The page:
Can wood replace plastic?
Paul Fraumeni | April 7, 2014
This article is being created using a keyboard that is made up mostly of the material that revolutionized manufacturing when it was invented in the mid 1800s—plastic.
The problem with plastic, however, is that it is made from petroleum. We’re running out of petroleum. Besides, the actual manufacturing process that creates plastic is harmful to the environment.
But Emma Master believes she will one day be able to replace the plastic that makes up this keyboard with wood fibre. That’s right—wood or other material that comes from plants. The general term is biomass—“The structural stuff that living systems build,” says Master.
Master, assistant professor* in Chemical Engineering and Applied Chemistry (and cross-appointed in Cell and Systems Biology), is working with a cadre of engineers, biologists, and physical scientists at U of T in a unique-in-Canada biotechnology research centre called BioZone.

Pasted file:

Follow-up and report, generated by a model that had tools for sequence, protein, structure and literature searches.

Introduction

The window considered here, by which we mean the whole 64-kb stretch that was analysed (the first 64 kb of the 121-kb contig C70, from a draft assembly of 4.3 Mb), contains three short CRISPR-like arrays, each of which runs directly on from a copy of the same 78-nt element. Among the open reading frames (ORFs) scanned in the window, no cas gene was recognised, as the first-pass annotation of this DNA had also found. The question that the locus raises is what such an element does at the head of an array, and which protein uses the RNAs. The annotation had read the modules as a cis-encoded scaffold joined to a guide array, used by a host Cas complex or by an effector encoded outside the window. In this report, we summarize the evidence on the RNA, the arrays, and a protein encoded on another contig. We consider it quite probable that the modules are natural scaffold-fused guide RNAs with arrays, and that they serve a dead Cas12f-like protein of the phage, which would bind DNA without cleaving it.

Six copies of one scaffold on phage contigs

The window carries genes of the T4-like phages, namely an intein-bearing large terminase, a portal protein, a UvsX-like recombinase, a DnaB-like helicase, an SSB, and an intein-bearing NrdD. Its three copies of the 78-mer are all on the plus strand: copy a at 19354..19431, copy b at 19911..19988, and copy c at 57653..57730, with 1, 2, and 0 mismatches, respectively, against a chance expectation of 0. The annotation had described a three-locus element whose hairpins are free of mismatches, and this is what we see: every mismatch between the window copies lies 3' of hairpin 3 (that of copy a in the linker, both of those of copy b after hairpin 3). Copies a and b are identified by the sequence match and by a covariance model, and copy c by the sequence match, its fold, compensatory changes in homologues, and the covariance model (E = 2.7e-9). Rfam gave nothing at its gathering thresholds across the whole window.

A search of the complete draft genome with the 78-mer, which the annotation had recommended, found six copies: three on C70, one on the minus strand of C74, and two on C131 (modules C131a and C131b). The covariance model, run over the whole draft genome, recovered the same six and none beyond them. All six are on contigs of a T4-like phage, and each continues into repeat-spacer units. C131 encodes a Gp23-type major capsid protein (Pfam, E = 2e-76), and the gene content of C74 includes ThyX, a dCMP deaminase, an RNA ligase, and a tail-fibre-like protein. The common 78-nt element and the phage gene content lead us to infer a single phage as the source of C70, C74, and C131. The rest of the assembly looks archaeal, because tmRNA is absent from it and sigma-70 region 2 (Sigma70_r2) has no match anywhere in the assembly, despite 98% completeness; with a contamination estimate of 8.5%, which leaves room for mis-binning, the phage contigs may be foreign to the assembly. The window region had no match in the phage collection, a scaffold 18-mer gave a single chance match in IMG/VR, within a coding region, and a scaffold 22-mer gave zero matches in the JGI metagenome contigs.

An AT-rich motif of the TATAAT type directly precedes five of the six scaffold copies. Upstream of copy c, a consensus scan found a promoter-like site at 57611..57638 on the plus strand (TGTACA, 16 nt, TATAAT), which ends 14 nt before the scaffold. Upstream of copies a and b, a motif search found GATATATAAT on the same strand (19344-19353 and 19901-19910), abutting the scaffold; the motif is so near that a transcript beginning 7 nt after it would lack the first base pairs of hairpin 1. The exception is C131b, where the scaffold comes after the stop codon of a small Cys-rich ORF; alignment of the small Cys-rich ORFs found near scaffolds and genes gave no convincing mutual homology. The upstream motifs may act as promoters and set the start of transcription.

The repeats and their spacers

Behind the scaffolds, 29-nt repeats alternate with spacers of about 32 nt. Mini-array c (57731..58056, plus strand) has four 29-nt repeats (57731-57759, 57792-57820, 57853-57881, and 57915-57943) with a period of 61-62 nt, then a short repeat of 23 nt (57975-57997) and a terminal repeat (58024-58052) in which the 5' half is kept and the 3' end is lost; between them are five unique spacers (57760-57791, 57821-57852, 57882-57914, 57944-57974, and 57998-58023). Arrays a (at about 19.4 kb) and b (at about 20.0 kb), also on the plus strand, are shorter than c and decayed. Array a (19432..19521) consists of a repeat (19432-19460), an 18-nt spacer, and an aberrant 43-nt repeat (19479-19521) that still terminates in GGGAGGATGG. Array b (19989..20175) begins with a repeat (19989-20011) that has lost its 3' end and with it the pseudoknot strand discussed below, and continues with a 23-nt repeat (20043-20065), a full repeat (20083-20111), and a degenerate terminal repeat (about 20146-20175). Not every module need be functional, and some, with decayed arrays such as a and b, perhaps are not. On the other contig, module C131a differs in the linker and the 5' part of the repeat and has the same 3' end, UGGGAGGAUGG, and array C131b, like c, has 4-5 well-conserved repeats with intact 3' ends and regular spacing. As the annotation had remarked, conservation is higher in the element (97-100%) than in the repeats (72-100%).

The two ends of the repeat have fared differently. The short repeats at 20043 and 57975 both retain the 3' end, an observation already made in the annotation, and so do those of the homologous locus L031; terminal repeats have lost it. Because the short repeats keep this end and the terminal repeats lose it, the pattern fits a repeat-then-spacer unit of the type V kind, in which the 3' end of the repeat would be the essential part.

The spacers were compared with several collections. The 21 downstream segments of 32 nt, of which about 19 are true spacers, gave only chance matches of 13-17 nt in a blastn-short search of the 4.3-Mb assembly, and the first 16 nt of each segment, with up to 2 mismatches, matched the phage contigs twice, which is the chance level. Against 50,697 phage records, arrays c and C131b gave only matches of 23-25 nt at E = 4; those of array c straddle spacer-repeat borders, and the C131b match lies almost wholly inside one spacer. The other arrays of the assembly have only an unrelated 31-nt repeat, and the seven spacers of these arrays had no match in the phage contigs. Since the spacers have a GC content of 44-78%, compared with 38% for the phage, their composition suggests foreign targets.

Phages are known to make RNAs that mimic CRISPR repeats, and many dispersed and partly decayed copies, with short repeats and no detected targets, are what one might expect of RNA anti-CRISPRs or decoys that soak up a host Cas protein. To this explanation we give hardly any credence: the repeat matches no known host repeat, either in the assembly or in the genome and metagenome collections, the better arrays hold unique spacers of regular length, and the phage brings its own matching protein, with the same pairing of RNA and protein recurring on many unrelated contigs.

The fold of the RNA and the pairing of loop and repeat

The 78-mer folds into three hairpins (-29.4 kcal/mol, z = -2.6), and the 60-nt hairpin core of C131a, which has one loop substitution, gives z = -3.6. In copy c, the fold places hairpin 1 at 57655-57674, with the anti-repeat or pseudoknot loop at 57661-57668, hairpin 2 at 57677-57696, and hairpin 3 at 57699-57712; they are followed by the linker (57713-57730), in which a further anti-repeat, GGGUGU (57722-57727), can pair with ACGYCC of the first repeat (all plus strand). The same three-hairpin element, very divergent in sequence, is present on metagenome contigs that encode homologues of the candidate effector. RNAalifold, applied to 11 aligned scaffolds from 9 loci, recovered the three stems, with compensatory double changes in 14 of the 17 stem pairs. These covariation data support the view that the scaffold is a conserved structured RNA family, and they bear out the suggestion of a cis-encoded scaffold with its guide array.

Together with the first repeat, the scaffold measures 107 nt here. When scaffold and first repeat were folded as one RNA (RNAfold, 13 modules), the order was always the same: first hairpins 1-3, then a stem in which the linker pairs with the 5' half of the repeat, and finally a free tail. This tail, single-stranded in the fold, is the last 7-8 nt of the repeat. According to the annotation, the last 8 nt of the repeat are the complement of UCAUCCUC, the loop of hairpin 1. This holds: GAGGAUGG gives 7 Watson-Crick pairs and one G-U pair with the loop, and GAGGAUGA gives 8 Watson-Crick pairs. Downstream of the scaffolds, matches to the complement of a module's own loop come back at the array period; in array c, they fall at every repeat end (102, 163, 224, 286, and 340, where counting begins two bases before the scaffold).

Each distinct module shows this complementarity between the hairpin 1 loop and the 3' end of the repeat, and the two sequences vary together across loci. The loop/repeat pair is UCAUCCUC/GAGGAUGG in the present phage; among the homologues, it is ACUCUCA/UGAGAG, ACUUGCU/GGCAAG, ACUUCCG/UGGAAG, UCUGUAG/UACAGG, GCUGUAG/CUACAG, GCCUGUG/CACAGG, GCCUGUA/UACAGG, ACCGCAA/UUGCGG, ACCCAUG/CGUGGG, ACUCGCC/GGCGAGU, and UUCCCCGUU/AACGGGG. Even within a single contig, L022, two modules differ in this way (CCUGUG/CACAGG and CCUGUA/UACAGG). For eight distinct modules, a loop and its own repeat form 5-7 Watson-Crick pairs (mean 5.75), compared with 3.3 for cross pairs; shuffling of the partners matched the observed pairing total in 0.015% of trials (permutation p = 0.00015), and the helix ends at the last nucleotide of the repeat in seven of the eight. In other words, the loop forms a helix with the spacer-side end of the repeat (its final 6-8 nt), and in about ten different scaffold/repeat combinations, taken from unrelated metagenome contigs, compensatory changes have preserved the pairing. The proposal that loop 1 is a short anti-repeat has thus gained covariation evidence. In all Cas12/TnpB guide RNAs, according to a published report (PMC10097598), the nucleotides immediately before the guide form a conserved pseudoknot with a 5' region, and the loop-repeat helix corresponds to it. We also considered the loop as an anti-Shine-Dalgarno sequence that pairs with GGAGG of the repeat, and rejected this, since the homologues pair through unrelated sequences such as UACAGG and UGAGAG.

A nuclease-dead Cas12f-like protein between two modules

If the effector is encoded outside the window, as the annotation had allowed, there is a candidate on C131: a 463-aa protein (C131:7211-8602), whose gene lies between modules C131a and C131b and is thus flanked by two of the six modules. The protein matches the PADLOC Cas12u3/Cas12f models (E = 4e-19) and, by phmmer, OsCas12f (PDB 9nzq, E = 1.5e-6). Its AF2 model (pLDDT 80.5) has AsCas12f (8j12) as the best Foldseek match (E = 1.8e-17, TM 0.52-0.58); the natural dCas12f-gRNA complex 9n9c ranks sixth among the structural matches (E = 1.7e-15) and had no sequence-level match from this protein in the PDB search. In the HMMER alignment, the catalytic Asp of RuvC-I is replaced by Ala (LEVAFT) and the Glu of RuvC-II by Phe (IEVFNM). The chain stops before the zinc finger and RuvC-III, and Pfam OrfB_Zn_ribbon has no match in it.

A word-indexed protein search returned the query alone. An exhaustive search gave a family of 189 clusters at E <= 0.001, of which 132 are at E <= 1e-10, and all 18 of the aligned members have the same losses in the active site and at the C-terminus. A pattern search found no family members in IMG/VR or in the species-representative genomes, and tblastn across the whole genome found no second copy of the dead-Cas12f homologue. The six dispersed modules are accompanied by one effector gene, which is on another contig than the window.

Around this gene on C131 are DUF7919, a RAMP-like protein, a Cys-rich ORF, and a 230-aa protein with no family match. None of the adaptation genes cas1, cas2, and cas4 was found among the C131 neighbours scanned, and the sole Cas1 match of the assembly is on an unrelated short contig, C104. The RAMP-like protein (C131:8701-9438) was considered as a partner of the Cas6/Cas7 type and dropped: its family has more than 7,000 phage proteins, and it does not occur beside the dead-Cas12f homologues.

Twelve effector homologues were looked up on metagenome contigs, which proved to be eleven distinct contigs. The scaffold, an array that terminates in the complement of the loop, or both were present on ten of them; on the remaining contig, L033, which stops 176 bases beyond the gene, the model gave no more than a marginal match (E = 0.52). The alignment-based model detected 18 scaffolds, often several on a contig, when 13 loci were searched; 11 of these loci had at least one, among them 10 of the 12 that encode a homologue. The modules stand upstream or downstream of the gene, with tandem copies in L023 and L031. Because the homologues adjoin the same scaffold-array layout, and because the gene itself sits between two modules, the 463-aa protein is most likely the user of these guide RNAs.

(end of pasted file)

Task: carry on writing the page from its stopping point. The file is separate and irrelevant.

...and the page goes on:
Funded by the Canada Foundation for Innovation, BioZone brings together biotech research programs that are addressing the urgent challenges in sustainable energy and environmental protection.
“My motivation is to harness the diversity and complexity of natural materials,” says Master. “My colleagues and I believe that biological systems synthesize some of the most ornate materials. If we are going to live in a world that doesn’t rely on petroleum and fossil fuel, biomass will be crucial. It’s a wonderful material that we have primarily used only coarsely thus far, but has so much more potential.”
Master’s chief tool in harnessing biomass is another invention of nature—the enzyme.
Simply put, enzymes make things happen. Scientists call them catalysts—proteins that create chemical reactions. When you swallow food, enzymes help you digest it. They are also at the centre of making apples turn brown when they are exposed to air. “We all have enzymes in our cells that help us operate as living beings,” says Master.
Her enzyme research program has three prongs—enzyme discovery, engineering, and application development.